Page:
Crime, Drama, Scuba Fights: The Brink

Crime, Drama, Scuba Fights: The Brink

December 21, 2017 | 04:13

In Hong Kong action movie The Brink, hotheaded and reckless but effective cop Sai Gau (Max Zhang Jin) goes on a quest to disassemble a gold-smuggling ring masquerading as fishermen. Among them is Jiang Gui Cheng (Shawn Yue Man-Lok), a cold-blooded gangster looks to seize control of the trade in international waters. Sai Gau stays hot on his trail.

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Like most Hong Kong crime action movies, the focus of The Brink is on the elaborately choreographed action showcases. Audiences can expect to see clever and creative fisticuffs, especially complemented by Max Zhang, a China national Wushu champion's, martial arts prowess. But who uses oceans as a thematic backdrop? From an underwater brawl to a climactic three-way fight on a ship in a raging typhoon, the water-logged thriller proves the gritty effort that the crew undertook to get the underwater fight scene and the turbulent finale right. 

For shooting the underwater scenes, most of the actors and the crew had to learn scuba diving. “I instructed the actions underwater, while the director watched the monitor on land. The camera was up. I demanded everybody get back to his position, but it was difficult to be heard through water. I can only communicate by exaggerating body languages. That made me look funny.” said action director Nicky Li Chung-Chi.

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 There’s an old rusty boat, serving as an underwater gold vault, covered with seaweed specially manufactured to be placed in a giant tank. The crew didn’t expect the water became turbid due to rust and seaweed, but it did. One possible solution was to drain the tank and refill it with fresh water, but the process would take three to four days with over 300 water trucks, which would delay the shooting schedule. As a result, they could only go on with that. “The visibility became so low after a few days, you can’t even see beyond three feet. Too many movements would stir up a cloud of sand at the bottom. Originally we had planned to wide-shot the boat and design fight scenes with wire work.” Said Nicky Li.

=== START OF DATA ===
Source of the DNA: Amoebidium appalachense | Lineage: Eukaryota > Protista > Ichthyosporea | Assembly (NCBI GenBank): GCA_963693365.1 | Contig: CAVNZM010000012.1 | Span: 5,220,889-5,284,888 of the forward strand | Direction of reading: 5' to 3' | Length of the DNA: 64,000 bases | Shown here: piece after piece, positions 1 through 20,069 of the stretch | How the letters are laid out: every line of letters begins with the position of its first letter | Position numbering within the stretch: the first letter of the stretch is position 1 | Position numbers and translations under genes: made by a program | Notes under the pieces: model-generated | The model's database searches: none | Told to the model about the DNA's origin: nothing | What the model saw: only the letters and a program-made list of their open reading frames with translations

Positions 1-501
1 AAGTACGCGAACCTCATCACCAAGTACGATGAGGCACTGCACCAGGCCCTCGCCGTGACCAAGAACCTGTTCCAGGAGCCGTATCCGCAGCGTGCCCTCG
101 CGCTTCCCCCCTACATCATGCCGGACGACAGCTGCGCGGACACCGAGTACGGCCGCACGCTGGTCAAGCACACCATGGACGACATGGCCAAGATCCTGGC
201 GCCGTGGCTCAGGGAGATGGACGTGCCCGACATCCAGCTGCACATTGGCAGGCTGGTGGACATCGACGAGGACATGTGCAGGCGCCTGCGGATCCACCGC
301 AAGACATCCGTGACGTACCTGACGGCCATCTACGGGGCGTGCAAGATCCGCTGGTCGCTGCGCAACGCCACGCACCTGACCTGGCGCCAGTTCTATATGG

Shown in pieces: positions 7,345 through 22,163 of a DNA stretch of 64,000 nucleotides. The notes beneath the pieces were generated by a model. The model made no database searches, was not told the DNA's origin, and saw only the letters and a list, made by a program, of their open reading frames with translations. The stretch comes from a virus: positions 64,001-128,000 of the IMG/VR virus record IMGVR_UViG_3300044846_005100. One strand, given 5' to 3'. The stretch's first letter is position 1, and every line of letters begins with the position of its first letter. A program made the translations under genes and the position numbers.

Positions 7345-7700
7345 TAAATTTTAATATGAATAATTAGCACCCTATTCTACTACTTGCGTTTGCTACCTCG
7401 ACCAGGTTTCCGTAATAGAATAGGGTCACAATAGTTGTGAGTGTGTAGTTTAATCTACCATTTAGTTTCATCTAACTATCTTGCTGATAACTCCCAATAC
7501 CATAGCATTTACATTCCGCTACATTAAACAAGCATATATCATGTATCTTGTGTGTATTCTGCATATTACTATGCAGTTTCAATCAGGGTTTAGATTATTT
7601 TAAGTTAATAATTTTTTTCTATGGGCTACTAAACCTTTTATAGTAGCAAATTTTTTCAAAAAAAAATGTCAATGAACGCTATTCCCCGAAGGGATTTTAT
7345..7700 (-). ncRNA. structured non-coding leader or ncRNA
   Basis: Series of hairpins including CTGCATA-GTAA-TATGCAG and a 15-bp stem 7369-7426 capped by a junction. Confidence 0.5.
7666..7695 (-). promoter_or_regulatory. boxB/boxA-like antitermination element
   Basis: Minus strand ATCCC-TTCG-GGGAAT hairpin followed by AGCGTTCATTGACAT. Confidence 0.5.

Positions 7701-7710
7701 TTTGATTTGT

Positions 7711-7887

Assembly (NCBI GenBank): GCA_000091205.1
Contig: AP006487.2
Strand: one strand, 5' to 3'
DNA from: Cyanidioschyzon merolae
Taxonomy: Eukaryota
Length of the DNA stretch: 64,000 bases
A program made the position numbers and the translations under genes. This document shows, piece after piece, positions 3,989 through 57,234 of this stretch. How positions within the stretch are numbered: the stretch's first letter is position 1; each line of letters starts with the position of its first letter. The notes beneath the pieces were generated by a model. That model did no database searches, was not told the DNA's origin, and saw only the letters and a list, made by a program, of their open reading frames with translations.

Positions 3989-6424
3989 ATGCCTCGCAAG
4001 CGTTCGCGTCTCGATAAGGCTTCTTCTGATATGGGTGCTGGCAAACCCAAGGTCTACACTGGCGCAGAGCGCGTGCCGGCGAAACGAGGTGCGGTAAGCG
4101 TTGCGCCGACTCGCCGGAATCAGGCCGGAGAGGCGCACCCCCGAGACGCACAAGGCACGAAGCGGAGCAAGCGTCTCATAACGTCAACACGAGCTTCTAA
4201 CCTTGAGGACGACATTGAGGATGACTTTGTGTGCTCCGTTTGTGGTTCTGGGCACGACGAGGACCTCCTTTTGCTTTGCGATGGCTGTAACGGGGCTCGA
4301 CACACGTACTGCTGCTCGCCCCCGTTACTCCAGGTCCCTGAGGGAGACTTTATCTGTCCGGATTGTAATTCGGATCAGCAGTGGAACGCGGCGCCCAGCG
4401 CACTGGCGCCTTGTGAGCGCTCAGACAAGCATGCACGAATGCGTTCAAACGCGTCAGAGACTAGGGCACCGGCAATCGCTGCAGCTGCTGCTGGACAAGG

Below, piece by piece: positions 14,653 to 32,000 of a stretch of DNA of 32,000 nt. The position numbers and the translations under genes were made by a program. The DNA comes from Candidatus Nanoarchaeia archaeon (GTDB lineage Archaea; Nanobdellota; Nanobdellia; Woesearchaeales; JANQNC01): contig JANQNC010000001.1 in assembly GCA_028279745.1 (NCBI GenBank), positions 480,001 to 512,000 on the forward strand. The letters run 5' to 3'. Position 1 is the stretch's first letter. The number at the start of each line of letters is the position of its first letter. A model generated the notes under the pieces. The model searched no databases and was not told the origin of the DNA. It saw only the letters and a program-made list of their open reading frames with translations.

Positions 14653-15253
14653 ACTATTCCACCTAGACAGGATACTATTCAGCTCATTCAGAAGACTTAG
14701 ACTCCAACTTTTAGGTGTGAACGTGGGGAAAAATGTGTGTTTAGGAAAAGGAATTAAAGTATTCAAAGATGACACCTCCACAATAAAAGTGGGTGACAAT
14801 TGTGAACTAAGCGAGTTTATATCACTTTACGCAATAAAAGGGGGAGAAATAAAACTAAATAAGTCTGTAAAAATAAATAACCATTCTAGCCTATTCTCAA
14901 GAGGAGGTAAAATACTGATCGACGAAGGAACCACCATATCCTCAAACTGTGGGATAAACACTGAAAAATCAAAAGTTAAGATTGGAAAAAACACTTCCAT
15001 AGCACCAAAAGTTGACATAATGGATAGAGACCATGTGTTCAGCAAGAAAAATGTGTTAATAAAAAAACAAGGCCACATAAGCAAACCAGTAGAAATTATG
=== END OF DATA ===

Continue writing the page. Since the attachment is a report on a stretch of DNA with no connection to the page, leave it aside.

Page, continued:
People normally dive two or three tanks a day, but the two main actors used ten. “Scuba diving is the biggest challenge in my life so far. Initially I refused to do a fight underwater, but the director persuaded me to overcome the fear. I was requested to fight at 10 meters in depth and sometimes even without the tank. Furthermore, the water was cloudy. I worried about the situation, so I told Shawn ‘I got you above water, and you got me underwater.’” said Kung Fu star Max Zhang.

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“It’s really physically exhausting after ten hours soaking in water every day. The amount of oxygen I inhaled caused a dry throat and lungs pain. I may not be as nervous as Max, but it’s dreadful descent, as if you are sinking into a black hole. You can see nothing, but only count down.” said Shawn Yue, who was already certified for scuba diving prior to the film.

Fighting underwater is a great challenge for actors and action directors. Water resistance will drag the actors’ motions. The speed of moves gets slower in water than on land. Fighting and acting at the same time is extremely strenuous. Plus, it’s rather dark at 10-meters deep. You can’t see anything, but only hear one’s own bubbling. “Three underwater shots take a whole day to execute. Time passes slow to me when we shoot the diving scenes. I fought without a mask or tank, so the diving instructor was nearby to provide me oxygen. Every time I’m out of breath I turn to him and then go back fighting. Sometimes we waved for help but the divers around mistook it as part of the acting.” said Max Zhang.

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The gear used was life-saving equipment, but could also be misused as deadly weapons. The villain strangles a cop with a hose. A tank valve switch is purposely smashed, breaking the connection with the regulator, so the cop can only breathe by putting his mouth at the top of the cylinder where air comes out. If you happen to need an underwater scooter to move faster, just make a hole on the tank, the compressed air rushing out will propel the cylinder like a rocket.

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“Can we film these underwater scenes in the bathtub?” joked Max Zhang. “No way.” said the film director Jonathan Li Tsz-Chun, who fell in love with scuba diving prior to The Brink and decided to design an underwater robbery for this thriller.

- Elena Wu, Senior Editor
- Photos Copyright , SKY FILMS

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